The UK referendum on its membership of the European Union is one of, if not the, biggest risk event for the financial markets this year and with only a week to go until the vote, it is impossible to say with any degree of confidence which way it’s going to.
The polls have been very volatile in recent months, with the Remain campaign at times taking a convincing lead only for the Leave campaign to claw their way back into it. As we enter the business end of the campaign, the polls suggest the Leave camp has edged into the lead and with momentum on their side, a Brexit has suddenly become a very real possibility.
Of course, as was the case with last year’s election and the Scottish referendum, some polls and studies tend to give a better idea of the final result than others. The online polls were the least reliable on these occasions, whereas phone polls provided a more accurate reflection and betting odds gave the best foresight, for example predicting an overall majority for the Conservatives.
The betting odds have suggested that the voting is in fact not close and it’s these that the markets have appeared to be paying most attention to. Even last week, the implied probability of the UK remaining within the EU was around 80%. This has since slipped to around 60% and if the current momentum is maintained, the Remain campaign could find themselves behind by the weekend.
The decline in the implied probability of a Brexit has been accompanied by some heavy selling in the pound and general risk aversion throughout the markets, with European equity markets in particular coming under pressure.
The FTSE is already some way off the highs it traded at last year and yet, prior to the last week or so, there was a feeling that traders were potentially ignoring the Brexit risks. That no longer appears to be the case and while it could be argued that a Brexit would benefit the FTSE long-term – majority of companies in the FTSE 100 are multi-nationals that earn the majority of their profits abroad – the short-term shock could put significant pressure on it, as well as other risk assets.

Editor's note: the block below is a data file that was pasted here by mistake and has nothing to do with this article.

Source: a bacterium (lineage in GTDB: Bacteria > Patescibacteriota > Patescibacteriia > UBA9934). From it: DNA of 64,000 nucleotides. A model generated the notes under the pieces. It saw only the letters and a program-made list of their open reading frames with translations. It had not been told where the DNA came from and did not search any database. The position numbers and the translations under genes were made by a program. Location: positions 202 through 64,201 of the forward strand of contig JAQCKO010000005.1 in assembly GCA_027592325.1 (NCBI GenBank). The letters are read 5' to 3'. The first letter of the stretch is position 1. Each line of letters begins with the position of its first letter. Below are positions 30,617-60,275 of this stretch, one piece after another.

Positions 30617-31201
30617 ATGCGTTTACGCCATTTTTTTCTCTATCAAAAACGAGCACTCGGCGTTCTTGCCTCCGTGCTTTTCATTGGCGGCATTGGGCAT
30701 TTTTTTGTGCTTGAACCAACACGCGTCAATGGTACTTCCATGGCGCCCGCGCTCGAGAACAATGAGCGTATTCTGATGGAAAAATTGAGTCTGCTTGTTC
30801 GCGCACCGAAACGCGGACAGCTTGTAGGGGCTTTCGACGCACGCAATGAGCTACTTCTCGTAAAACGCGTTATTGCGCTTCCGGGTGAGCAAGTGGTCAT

The break below 6,000 today has been seen as a significant move which signals the growing nervousness around the referendum. In the event of a vote to leave, a move back towards this year’s lows – which came in the midst of the panic over China at the start of the year – would not come as much of a surprise. In times of uncertainty – and this certainly qualifies as such – markets can become very risk averse and during these periods, equities can often suffer.
The pound has fallen from 1.47 to 1.41 against the greenback in the last week alone, before catching a bid around what has become a fairly reliable support zone over the last few months. While this has provided temporary relief, I think we could see further significant losses if the Leave campaign continues to sway voters as it clearly has over the last week. This year’s low of 1.3835 could offer further support for the pair but if momentum remains with the Leave campaign, we could see it trading at the lowest levels since the 2008 financial crisis.
The pound has also run into some difficulty against the euro over the last week but the moves here have probably been less significant than against other currencies. The simple reason for this is that a UK divorce from the EU would not just be painful for the former, in fact, given the fragility of the euro area, the latter could also suffer considerably in the event of a Brexit.
The pair has still rallied though, potentially suggesting that markets still believe the UK would be worse off, or perhaps a complacency when it comes to the negative implications for the eurozone. Regardless, the pair has run into temporary resistance around 0.80 and for a second day, this level has been rejected and fallen back towards 0.79. Should we see further weakness in the pound, this year’s highs around 0.8117 could come under pressure quite quickly, followed shortly after by 0.8150–0.8180. In the event of a Brexit next Thursday, the upside could be quite severe and the shock element alone could send the pair sharply higher. A move towards 2013 highs may not even be off the cards
The Brexit exposed pound has been pummelled by the risk-averse yen over the last couple of weeks, down almost 10%, and with it already trading at near three year lows, further losses could still be in store. The pair may have found some support over the last couple of days but unless the Leave campaign stalls, which of course it could, I suspect Brexit fears could drive the pair even lower as we near the referendum. The pair could find support around 1.47–1.4775 in the short term, but in the event of a risk, I wouldn’t be surprised to see it trading back towards 1.40, or even lower, as traders look to dump the pound and seek out the safety of the yen.